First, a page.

BY:  E. M. ‘ED’ DUPAS –

FEBRUARY 8, 2008

“It is the glory of God to conceal a matter, but the glory of kings is to search out a matter.” (Prov. 25:2 NASB)


I participated in the Eucharist at a Roman Catholic Church some time ago, during which the blood of the new covenant (testament), for the forgiveness of sins became more real for me. At that event I was also blessed to be served the wine by Katie, our neighbor’s daughter. I had invited her to “Acquire the Fire” the previous year. She seemed interested, but never got back to me.  I made a mental note to invite her again next time.

On hearing about the blood of the new covenant that day I was reminded of a few things.  First of all, I wondered why we still deal with sin as a barrier between God and us.  Secondly, I asked myself “What about guilt? Where does it fit in?  What is the impact of transgressions if there is no associated guilt?  Is this even possible?  I remembered this verse from the prophecy of Hosea:

“…For I will be like a lion to Ephraim, And like a young lion to the house of Judah. I, even I, will tear to pieces and go away, I will carry away, and there will be none to deliver.  I will go away and return to My place UNTIL THEY ACKNOWLEDGE THEIR GUILT AND SEEK MY FACE; In their affliction they will earnestly seek Me.” (Hosea 5:15 NASB, emphasis added)

Please notice that the Lord says He won’t return until Judah and Ephraim acknowledge their guilt, not their sin.  Isn’t that interesting?  Aren’t the two inextricably linked?  Surely they were before Calvary


I believe (rather, I know in my heart of hearts) that we ARE eternal beings who were previously with Elohim, even before the foundation of the world. If we were created in God’s image and of His substance (Gen. 1:26-27) where does the concept of sin and punishment fit in? Since we were created in His image and likeness, we are, spiritually at least, gods.  Try not to have trouble with this, for Jesus himself testified of it, speaking to Jews who were about to stone Him:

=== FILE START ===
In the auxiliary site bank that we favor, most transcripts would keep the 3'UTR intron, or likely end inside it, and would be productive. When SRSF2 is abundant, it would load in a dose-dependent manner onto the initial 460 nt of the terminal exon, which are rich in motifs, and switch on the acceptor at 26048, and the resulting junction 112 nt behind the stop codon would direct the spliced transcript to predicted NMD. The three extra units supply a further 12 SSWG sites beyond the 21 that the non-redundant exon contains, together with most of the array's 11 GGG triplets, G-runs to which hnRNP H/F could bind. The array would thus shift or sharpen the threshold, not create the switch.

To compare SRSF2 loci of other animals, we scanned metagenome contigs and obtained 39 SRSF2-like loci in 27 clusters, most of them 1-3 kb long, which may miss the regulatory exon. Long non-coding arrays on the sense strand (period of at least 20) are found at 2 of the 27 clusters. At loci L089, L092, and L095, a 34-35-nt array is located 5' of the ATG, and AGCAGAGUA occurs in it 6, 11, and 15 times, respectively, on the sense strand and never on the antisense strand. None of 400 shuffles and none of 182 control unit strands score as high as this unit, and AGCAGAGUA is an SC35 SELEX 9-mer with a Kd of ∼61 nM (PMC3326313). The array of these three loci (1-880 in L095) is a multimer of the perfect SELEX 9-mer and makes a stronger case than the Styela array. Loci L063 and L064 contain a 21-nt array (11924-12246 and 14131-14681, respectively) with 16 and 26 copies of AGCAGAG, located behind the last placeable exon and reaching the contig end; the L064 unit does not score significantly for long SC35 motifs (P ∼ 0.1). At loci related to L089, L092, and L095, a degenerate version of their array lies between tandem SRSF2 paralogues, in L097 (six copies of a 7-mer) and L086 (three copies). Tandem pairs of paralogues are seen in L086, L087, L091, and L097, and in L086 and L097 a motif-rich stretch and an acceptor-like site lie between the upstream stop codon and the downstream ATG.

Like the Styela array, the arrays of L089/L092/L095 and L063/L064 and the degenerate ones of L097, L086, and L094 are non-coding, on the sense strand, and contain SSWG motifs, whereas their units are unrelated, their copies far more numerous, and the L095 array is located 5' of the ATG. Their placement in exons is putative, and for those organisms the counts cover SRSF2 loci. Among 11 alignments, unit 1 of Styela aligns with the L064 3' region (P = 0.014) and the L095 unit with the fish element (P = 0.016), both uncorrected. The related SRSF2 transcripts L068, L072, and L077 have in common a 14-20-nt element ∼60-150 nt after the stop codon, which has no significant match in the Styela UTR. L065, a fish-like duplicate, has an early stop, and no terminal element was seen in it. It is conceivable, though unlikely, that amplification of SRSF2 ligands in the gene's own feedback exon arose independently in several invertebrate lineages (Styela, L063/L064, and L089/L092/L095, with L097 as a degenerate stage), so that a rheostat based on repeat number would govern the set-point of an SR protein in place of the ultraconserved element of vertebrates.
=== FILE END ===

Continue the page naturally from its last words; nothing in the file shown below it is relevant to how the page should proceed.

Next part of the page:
Jesus answered them, “Has it not been written in your Law, ‘I SAID, YOU ARE GODS’? “If he called them gods, to whom the word of God came (and the Scripture cannot be broken), do you say of Him, whom the Father sanctified and sent into the world, ‘You are blaspheming,’ because I said, ‘I am the Son of God’?” (John 10:34-36 NASB) 

In saying this, Jesus was quoting the scriptures (Psalms 82:6 and Isaiah 41:23).   I realize that hearing we are gods may be unsettling for some readers.  For now, let’s just agree that our essential nature is spiritual, in the likeness of our Father Godhis children, as it were.  To reinforce this truth, remember Jesus’ words to his listeners:

“And do not call anyone on earth your father; for One is your Father, He who is in heaven.” (Matt. 23:9 NASB)


So God (capital ‘g’) is our father and we are gods (very small ‘g’).  This means we, being spiritual, are eternal beings, since according to 2 Cor. 4:18 the unseen things are eternal. I consider the soul to be secondary, and the body tertiary.  The arrangement of body, soul and spirit, may be compared to the Temple, with its outer court, holy place and the holiest place.  If the soul consists of the mind, will and emotions, as many claim, and since our bodies are perishable, the soul and body will not survive beyond time into eternity (This suggests that time is a portion of eternity, which it is not.  I am using this “untruth” as a useful convenience, because it is commonly believed that after time ends, we will continue in eternity).  Therefore we should consider our eternal destinies, which involve our spiritsour essential nature. This brings us to the questions of punishment and damnation.  Should our spirits (gods, according to Jesus) be subjected to eternal punishment? In the realm where God exists (where our spirits dwell), there is neither good nor evil, but if I had to ascribe natures to things in that realm I should call them good, because I postulate a God who is goodcould a God whose name is Love be anything else but eternally benevolent and loving?

Therefore the ‘punishment’ we receive in this age and the ages to come is never for damnation, but for correction and instruction. To what end? I believe it is so that we may (re)learn and apply in this realm what our spirits saw in our Father before the “foundation of the world”to love as God loves, so that we too are willing to “give ourselves up” for His creation. Somehow we have become prisoners in this earthly realmimprisoned as a result of acquiring knowledge of good and evil (blessing and calamity). With the knowledge of calamity comes anxiety about the consequences of those calamities, the initial result of which is the fear of death, and the end result is death itself. Hence the Father said to Adam, “In the day you eat of the tree you will surely (begin to) die.”  God literally said “In dying you will die.